The Consumer Rights Act 2015 - A Summary of Key Changes
Consumer law has changed, with the new Consumer Rights Act (“CRA”) which came into force on 1st October 2015. The Act is exclusively about consumers doing business with traders, and will affect both consumers and businesses selling to consumers.
The new law is aimed at helping to avoid disagreements. However, if disputes do arise, it is it aimed at giving consumers greater access to redress via alternative dispute resolution, without having to resort to court proceedings. If court proceedings are necessary, the CRA significantly increases the court’s ability to intervene in consumer contracts.
What will the CRA cover?
Contracts for (a) the sale of goods or (b) the supply of services, made between a trader and an individual consumer, and whether or not individually negotiated with the consumer.
You are a “trader” under the CRA if you are acting for purposes relating to your trade, business, craft or profession. Individuals, partnerships, companies, charities, government departments and local and public authorities can all be "traders". You are a trader even if, in entering into or performing a contract, you appoint someone else to act on your behalf (e.g. you sub-contract the performance of part of a contract to another business).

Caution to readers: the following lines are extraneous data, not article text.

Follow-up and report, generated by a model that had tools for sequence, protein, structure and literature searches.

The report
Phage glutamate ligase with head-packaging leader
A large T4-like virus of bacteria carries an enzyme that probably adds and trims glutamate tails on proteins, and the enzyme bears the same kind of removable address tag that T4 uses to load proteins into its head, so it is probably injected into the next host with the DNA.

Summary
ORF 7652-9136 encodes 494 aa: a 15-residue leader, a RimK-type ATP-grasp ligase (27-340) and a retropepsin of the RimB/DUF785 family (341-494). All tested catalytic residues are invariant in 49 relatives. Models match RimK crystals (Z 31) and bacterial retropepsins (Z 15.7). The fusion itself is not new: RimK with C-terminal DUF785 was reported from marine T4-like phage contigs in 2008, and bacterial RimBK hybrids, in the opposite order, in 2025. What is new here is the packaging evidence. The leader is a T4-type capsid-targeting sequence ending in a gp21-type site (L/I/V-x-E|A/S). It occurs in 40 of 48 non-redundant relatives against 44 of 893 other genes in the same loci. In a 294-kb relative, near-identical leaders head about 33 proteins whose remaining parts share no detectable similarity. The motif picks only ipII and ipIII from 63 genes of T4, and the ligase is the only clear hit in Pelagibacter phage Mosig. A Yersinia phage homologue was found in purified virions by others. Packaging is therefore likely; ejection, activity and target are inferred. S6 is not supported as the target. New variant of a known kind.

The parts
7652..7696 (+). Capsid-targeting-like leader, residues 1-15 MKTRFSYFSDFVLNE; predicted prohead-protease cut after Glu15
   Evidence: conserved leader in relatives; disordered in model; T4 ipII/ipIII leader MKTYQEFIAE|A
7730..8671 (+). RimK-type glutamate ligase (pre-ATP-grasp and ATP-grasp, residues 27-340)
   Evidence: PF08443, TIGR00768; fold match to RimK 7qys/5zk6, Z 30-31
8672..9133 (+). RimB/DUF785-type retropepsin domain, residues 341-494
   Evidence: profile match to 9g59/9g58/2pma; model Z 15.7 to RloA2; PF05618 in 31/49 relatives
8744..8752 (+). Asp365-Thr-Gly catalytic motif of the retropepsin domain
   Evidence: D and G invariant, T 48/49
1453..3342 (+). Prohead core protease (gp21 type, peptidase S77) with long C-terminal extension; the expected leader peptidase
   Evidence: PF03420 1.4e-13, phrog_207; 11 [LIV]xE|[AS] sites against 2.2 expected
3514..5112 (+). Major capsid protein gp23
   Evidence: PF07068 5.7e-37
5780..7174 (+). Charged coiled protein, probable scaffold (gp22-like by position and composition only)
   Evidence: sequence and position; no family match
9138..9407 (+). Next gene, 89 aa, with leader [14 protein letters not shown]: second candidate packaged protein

The CRA defines a “consumer” as an individual. This means that the consumer rights set out in the CRA will not apply to small businesses or legally incorporated organisations.
An individual is a consumer if he is acting for purposes that are wholly or mainly outside his trade, business, craft or profession. The inclusion of the word “mainly” means that an individual who, for example, buys a laptop for his personal use, but uses it while working from home one day a week, is a consumer under the CRA. Consumer can include a person who is combining business with non-business activities, providing that the non-business activity is the main one.
Sections of the CRA
The CRA is divided into three parts:
- Part 1 deals with consumer contracts for goods, digital content, and services.
- Part 2 deals with unfair terms.
- Part 3 contains miscellaneous provisions, including enforcement powers.
The most significant change within Part 1 is the inclusion of a chapter relating to digital content. Previously, intangible digital property was not considered “goods”. For example this meant that songs were treated as goods if purchased on CD, but not if downloaded from the internet. Consequently, songs purchased from virtual retailers online were not subject to regulation by the Sale of Goods Act 1979. The CRA has a new chapter which focuses solely on digital content, to ensure that a consumer is still protected when the goods in question are digital. It introduces:
- Implied Terms: Digital content must be of satisfactory quality, fit for a particular purpose, and as described. If not, consumers have the right to a repair, replacement or a reduction in price.